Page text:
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FBI ‘persuaded Apple to halt iCloud encryption’


Sir Jony Ive and Apple chief executive Tim Took.Image copyright
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Apple reportedly abandoned plans to let customers fully encrypt back-ups of their iPhones on the company’s iCloud following pressure from the FBI.

Full encryption involves converting data into code so it is impossible to access without a password.

Apple was working on the feature in secret about two years ago, according to Reuters, which broke the news.

But it ditched the plan after FBI cyber-crime agents raised concerns it would hinder investigations.

Complex password

Reuters spoke to six sources, including former employees at Apple and the FBI.

“Encrypting data is essential and companies usually offer help and support when protecting data, so this news comes as a shock to me,” said Jake Moore, a cyber-security expert at internet security and antivirus company ESET.

“However, it doesn’t mean your back-up and data can’t be encrypted.

“You will still be able to make an encrypted back-up on your home computer and store it there.

“As always, users should also be reminded that their data needs to be protected with a strong and complex password.

“The balance between law enforcement and tech companies protecting data comes into question quite often.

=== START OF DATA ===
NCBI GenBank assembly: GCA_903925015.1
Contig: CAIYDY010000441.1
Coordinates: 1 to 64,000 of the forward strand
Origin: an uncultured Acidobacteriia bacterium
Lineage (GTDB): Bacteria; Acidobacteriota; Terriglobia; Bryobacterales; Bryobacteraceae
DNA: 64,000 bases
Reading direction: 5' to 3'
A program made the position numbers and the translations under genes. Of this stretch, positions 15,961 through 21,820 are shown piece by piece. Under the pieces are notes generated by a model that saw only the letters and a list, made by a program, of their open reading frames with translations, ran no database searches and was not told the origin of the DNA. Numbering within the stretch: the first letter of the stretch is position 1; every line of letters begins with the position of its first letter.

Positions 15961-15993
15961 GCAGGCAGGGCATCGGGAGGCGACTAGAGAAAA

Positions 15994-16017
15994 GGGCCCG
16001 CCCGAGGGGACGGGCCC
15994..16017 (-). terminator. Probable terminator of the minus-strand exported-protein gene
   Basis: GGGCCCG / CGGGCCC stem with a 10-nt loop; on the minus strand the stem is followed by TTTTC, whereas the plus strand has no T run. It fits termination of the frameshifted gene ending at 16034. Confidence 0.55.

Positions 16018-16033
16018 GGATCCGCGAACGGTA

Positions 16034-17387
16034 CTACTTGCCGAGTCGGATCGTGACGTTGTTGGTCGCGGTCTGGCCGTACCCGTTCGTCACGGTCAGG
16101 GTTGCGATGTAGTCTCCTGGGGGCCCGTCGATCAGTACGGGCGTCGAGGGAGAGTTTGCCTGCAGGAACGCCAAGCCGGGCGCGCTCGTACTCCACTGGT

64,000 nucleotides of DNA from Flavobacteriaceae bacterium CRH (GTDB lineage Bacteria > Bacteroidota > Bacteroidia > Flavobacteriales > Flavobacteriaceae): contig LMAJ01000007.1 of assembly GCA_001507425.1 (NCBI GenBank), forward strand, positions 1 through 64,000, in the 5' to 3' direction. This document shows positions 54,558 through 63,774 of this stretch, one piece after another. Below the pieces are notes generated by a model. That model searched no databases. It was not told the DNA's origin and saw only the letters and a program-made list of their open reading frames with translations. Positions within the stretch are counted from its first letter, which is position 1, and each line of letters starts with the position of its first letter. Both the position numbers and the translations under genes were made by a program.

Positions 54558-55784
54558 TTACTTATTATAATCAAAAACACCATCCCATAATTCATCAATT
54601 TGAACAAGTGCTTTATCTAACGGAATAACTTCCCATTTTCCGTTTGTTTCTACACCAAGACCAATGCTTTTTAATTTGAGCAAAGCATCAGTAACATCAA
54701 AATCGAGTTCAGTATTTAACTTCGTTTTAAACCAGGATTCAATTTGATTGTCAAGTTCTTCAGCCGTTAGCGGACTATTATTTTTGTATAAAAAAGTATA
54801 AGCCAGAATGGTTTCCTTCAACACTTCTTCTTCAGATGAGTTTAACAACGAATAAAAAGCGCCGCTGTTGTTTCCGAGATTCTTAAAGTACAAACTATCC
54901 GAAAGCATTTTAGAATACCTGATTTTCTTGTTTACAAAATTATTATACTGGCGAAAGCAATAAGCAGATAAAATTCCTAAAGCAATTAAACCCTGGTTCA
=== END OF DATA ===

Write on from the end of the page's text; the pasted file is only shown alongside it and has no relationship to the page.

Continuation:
“However, this balance is extremely difficult to fine-tune.

“Typically, users want the easiest route if they care about their data security, so encryption should be handed to them on a plate.”

Shot dead

Over the past seven years, Apple has responded to over 127,000 requests from US law enforcement agencies for information.

Last week, the US Attorney General publicly requested Apple unlock two iPhones used by a Saudi Air Force officer who shot dead three Americans at a naval base in Pensacola, Florida, last month.

And on 14 January, President Donald Trump accused Apple on Twitter of refusing to unlock phones used by “killers, drug dealers, and other violent criminal elements”.

But Apple did in fact turn over the gunman’s iCloud backups.

“We reject the characterisation that Apple has not provided substantive assistance in the Pensacola investigation,” Apple said on 13 January.

“Our responses to their many requests since the attack have been timely, thorough and are ongoing.”





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